Several years after I left Afghanistan, the towering minaret of Jam in the remote central mountain massif was rediscovered—the last surviving remnant of the capital city of the 12th-century Ghorid empire. A Jewish cemetery was also found nearby; when I returned to Kabul in the 1960’s, I saw Hebrew-inscribed tombstones from Jam in a corner of the Kabul Museum. Despite the Mongol invasions in the 13th century that destroyed much of the earlier historical record, there are indications in medieval Jewish texts that Jews may have settled in this area much earlier, in the Buddhist and Zoroastrian eras, long before Islam arrived in the 9th century. Some think their presence might even go back as far as the era of the Babylonian captivity in the 6th century B.C.E.
Under the Muslims, Jews had to put up with restrictions that affected other non-Muslims as well (like the small Sikh and Hindu communities), and at times were subjected to special pressures and discrimination. But they were citizens, and in the mid-20th century many had prospered, their position undisturbed by the war between the newborn state of Israel and its Arab neighbors. Afghanistan murmured the requisite formalities of sympathy with its Muslim brethren, but then went its own way. In fact, Afghans generally do not like Arabs, and Afghan officials spoke to me hopefully of opening diplomatic relations with Tel Aviv.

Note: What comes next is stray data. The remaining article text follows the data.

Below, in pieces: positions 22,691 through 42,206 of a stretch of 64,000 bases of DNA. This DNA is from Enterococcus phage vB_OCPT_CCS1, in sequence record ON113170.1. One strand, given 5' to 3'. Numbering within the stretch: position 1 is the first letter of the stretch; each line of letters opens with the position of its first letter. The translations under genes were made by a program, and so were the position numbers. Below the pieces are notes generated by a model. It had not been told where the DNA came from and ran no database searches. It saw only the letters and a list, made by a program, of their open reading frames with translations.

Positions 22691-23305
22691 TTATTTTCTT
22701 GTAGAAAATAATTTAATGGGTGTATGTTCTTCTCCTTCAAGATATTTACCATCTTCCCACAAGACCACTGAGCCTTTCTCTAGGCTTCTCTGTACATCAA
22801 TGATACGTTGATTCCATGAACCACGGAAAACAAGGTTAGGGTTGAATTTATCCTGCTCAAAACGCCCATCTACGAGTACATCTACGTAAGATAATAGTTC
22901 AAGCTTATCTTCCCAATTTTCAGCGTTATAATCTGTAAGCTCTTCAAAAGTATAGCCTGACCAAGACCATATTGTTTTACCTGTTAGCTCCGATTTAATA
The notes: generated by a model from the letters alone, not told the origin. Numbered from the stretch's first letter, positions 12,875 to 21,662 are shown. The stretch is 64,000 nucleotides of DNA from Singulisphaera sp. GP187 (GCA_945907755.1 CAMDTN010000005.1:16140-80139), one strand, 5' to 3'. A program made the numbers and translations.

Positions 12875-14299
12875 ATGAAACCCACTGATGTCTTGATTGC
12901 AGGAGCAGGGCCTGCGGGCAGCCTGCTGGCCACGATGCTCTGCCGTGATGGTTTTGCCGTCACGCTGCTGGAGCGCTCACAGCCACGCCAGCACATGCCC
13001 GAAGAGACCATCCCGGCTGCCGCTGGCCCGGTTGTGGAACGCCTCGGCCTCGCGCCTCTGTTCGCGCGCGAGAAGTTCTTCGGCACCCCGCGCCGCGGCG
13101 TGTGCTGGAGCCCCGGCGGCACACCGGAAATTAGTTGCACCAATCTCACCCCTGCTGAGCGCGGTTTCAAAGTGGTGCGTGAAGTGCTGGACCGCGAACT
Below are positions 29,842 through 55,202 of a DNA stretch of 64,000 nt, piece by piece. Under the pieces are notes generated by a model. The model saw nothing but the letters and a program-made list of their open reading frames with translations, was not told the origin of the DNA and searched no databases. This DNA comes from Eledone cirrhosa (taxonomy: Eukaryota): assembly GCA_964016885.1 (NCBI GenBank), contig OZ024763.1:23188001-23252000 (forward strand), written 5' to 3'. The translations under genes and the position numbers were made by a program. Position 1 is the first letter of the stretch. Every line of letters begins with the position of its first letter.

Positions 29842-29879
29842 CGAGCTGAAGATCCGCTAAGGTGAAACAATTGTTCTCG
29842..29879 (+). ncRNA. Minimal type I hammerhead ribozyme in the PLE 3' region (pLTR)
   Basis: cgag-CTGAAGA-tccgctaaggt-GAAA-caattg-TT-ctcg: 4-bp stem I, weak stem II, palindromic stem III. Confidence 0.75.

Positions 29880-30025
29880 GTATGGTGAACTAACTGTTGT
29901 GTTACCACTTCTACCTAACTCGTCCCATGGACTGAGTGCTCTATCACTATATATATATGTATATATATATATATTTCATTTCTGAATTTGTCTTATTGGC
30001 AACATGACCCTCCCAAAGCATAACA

For Afghan Jews, however, the creation of Israel was an ancient dream come true; the promise so often recited in their prayers had been kept, and many now left to find their place in the promised land. By the time I first arrived, Kabul’s dwindling community seemed to be without a rabbi, though the remaining families actively strove to maintain a Jewish life in their homes.